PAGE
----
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Farmer Veteran Coalition Archive

Legal Assistance for Military Veterans in Farming

January 13, 2015

UnknownFarming and food production can involve a variety of complicated legal transactions. Professional advice is essential at innumerable points during a farmer’s career. The Farmer Veteran Coalition now has a resource for farmer-veterans who have questions about contracts, product liability, labeling law, trademarks, or any other issue they may face. In cooperation with our firm, The Farmer Veteran Coalition can now offer a range of free legal services to military veterans who have previously registered with the Coalition.

Jason is a former Judge Advocate and veteran of the United States Marine Corps, as well as general counsel to the Coalition. This law firm is committed to the successful transition of military veterans into the agriculture industry, and we are very proud to support the superb work of the Farmer Veteran Coalition.

If you are a military veteran with legal questions about your farm business, you can contact info@farmvetco.org, or you can contact Foscolo & Handel PLLC directly at (888) 908 – 4959 or at info@foodlawfirm.com.

The Coalition supports the efforts of farmer-veterans across the country. If you are a fellow attorney willing to provide pro bono services to veterans in your jurisdiction, send an email to jason@foodlawfirm.com and introduce yourself! We can refer veterans to you as the need for local counsel arises.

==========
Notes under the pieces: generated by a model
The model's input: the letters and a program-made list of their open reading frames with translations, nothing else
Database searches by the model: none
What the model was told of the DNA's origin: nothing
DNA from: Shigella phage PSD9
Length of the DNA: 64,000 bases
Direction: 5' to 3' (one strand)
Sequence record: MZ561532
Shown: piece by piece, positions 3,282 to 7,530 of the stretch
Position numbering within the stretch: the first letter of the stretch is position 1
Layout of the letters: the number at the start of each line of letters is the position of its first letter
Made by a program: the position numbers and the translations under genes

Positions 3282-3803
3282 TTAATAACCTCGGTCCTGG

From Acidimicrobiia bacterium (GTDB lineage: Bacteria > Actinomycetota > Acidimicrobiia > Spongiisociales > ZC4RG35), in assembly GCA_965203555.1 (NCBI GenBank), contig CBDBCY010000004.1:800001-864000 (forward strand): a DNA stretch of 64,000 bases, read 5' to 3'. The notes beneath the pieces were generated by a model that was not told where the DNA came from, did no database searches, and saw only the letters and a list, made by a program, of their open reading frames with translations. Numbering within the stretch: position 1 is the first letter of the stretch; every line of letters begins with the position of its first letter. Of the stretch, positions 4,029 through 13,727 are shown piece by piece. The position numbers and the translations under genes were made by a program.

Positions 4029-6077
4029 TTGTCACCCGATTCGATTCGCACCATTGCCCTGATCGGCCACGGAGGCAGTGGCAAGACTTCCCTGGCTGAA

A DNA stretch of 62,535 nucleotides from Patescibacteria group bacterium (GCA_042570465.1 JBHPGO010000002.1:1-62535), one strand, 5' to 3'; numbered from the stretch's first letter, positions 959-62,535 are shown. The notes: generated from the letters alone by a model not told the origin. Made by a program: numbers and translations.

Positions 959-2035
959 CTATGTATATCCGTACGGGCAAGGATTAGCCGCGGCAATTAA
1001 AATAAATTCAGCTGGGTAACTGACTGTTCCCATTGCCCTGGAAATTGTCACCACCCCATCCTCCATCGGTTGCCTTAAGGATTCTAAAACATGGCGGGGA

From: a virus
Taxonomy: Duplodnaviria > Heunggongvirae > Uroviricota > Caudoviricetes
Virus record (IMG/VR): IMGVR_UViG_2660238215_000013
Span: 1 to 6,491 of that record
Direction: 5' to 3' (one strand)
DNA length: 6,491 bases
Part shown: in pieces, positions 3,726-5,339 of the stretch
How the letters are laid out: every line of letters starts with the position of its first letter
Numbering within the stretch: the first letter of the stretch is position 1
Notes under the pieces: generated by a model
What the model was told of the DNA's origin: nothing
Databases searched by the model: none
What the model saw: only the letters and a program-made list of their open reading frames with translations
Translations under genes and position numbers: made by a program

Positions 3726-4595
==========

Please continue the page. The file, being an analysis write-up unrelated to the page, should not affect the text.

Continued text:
Road Trip Roundup: Farmer Veteran Coalition Events

November 21, 2014

I was in Normal, Illinois on November 13, 2014, speaking at the Local and Regional Food Summit. The event was sponsored by the Illinois Farm Bureau, the Illinois Department of Agriculture, and Heartland Community College.

I was there to announce the launch of a partnership between the Illinois Department of Agriculture and the Homegrown by Heroes marketing campaign. Homegrown by Heroes is a trademark that can be affixed to agricultural products grown by farmers who are veterans of the United States Armed Forces. The program is managed by the Farmer Veteran Coalition (FVC) of Davis, California.

Illinois became the very first state in the country to partner with FVC to help promote the mark through its state department of agriculture. Effective immediately, farmer veterans growing within the state of Illinois will qualify to use the Homegrown by Heroes logo in conjunction with the Illinois Product logo. This dual certification will give Illinois retail consumers two compelling reasons to purchase a farm product bearing the mark – it’s local and its veteran-grown.